the football to win championships, but to be able to
get to the championship game you have to be able to
How about your run defense, how do you think that
"Well, we've struggled at different times, as
you know. We haven't fit up all the times. I was excited
the other day, even though we gave up the yardage and...gosh
dangit, we had two guys making tackles and knocking
each other off. Or one or two times where we were reaching
and don't bring our feet, but we were there. There
were some times, particularly in the second half, where
we really pulled the trigger in regard to bringing
our hips and our demeanor to the ball carrier, or the
quarterback. So I think we improved there.
draw ate us up the other day, more than anything else.
We were rushing the quarterback, and he was very elusive
and was able to make guys miss, which concerns me.
But it's an area of concern for us, and we keep working
at it. We'll be challenged this week, and hopefully
we'll have some things rectified during the course
of this week."
Do you think you win that game the other day without
the contributions of the freshmen?
"Well, they played a significant part, when you
talk about Trent Hunter's two interceptions and Jeff
Fuller's two touchdowns. Jeff was out of practice on
Friday, his quad blew up on him and he couldn't practice.
And we didn't know if he was going to play. We had
him iced down and stemming him all during the 48 hours.
And then (Ryan) Tannehill obviously played well. So
yeah, they obviously played a significant part, along
with (Tony) Jerod-Eddie and different guys. As did
the other kids. It was a team win, but those three
guys in particular made some big plays in the game."
Is it hard not to get excited just looking ahead
to what those guys may become?
"Well, you can't win a championship with just
a few guys. You need a bunch of guys. We've got to
get everyone playing at their level in order to win
You talked earlier about expecting something
special to happen this year...do you feel like
the team's morale is high enough for that maybe to
happen this weekend against Oklahoma?
"Well, I feel like the team's morale is very good.
After the game, that locker room...you know, It's
funny in coaching, when I think back on games that
I've been a part of that we won, I very seldom remember
the scores. I remember the locker rooms, and the guys,
and what happened in there after the game.
Colorado for our second win in a row and our fourth
win of the season, and you would have thought we'd
won a national championship in the locker room. Everyone
was very excited, coaches and players alike, and really
enjoying the moment...which is so important, because
we really haven't had the opportunity to do that very
often. But that's what you remember, and that was really
special. I think they enjoyed the feeling they had
after winning that ballgame.
"We have a chance this
week to play a very, very good opponent that is a top
five team and one of the best ones I've seen on tape
this year. This would be a very special moment if we
could beat this team. Certainly it's a formidable task,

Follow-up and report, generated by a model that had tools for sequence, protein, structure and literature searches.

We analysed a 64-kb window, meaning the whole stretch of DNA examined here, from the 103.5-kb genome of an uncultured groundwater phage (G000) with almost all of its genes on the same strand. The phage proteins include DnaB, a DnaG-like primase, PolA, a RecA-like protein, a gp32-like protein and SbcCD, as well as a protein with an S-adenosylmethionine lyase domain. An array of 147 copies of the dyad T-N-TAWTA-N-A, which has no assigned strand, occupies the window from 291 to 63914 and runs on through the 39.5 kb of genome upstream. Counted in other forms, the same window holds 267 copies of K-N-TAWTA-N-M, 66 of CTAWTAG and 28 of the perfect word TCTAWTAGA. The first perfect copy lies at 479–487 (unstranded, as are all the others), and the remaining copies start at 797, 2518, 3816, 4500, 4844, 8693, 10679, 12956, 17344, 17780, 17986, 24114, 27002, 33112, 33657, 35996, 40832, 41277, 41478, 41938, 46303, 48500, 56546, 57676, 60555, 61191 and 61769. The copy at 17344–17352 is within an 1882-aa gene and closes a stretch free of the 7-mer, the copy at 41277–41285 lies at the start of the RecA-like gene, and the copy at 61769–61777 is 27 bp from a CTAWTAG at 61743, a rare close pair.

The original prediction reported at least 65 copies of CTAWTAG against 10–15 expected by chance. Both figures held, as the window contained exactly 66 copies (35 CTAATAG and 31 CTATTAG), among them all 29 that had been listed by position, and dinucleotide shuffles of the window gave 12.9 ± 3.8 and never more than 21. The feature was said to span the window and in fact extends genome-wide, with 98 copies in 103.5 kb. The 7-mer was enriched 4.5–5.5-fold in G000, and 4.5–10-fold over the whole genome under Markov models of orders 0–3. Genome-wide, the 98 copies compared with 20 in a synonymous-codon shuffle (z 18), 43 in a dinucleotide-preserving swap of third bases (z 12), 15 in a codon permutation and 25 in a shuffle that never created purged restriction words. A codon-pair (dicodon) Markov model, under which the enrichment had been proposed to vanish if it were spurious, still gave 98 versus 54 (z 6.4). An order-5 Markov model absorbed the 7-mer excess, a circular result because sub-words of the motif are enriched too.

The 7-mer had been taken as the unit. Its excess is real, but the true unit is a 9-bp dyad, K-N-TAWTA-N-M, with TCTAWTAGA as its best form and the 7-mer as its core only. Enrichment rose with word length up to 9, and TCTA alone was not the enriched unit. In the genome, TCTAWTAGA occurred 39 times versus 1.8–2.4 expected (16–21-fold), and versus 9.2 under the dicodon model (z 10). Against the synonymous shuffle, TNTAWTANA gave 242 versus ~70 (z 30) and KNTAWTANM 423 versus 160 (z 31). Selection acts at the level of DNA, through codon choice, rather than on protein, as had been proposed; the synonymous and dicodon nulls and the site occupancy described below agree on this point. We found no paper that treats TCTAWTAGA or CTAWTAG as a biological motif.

but these things do happen."
Speaking of those freshmen, your top two
receivers are both 6'4". I know they can catch
the ball but how big a luxury is it for the quarterback
to have big targets like that?
"Well, I think it kind of goes in line with the
receivers in the Big 12, which are bigger receivers.
To be able to match them up on corners who don't quite
have that height...you don't usually see a corner
that size. They are usually anywhere between 5'10" and
6'0", and very seldom do you see a corner who
is 6'2". But I think their size definitely gives
them an advantage. I think we're fast, but not that
fast, but I think the size allows you an opportunity
to not always be that burner all the time, because
you can use your body to make plays."
So they're fast enough?
"I would say yeah, at this point they're fast
When we talk to Trent Hunter, he seems like he's
always excited. What does that attitude do, is that
contagious with the older guys?
"Yeah, it is. I gave them an example one time.
I had a Bunsen burner going in a meeting. They walked
in and the Bunsen burner was going, it was boiling
some water. I told them a story about when I was a
kid growing up, my mother would boil us an egg, the
five of us, and throw us an egg as we were going out
the door. That was our version of fast food (laughter).
"I used to sit there and watch that water boil. I
told the players that at 212 degrees, water boils.
At 210 degrees, it doesn't. It takes a couple of degrees
to move a train, an old steam car, a steamboat...it
just takes one or two degrees. If you're at 210 it
doesn't get it done. At 212 you can do unbelievable
things with steam. It's like players in the locker
room. You just need a couple of guys that can be those
degrees and move you forward, that can be the catalysts
that make a difference between a locker room being
just okay and a locker room being great.
the guys to be those types of players. And each week
I think we're getting more and more guys that are sharing
their emotion with their teammates. Kids today have
a tendency to be a little too cool sometimes, and they
don't want to show their emotions for fear they'll
be ridiculed. Good teams show their emotions, and I
think we're starting to do more of that."
Coach, you talked about Owen Daniels before,
the tight end for the Houston Texans, and how much
you liked the kind of player he is...How important
is it to have a guy of that size and that ability to
the offense you run?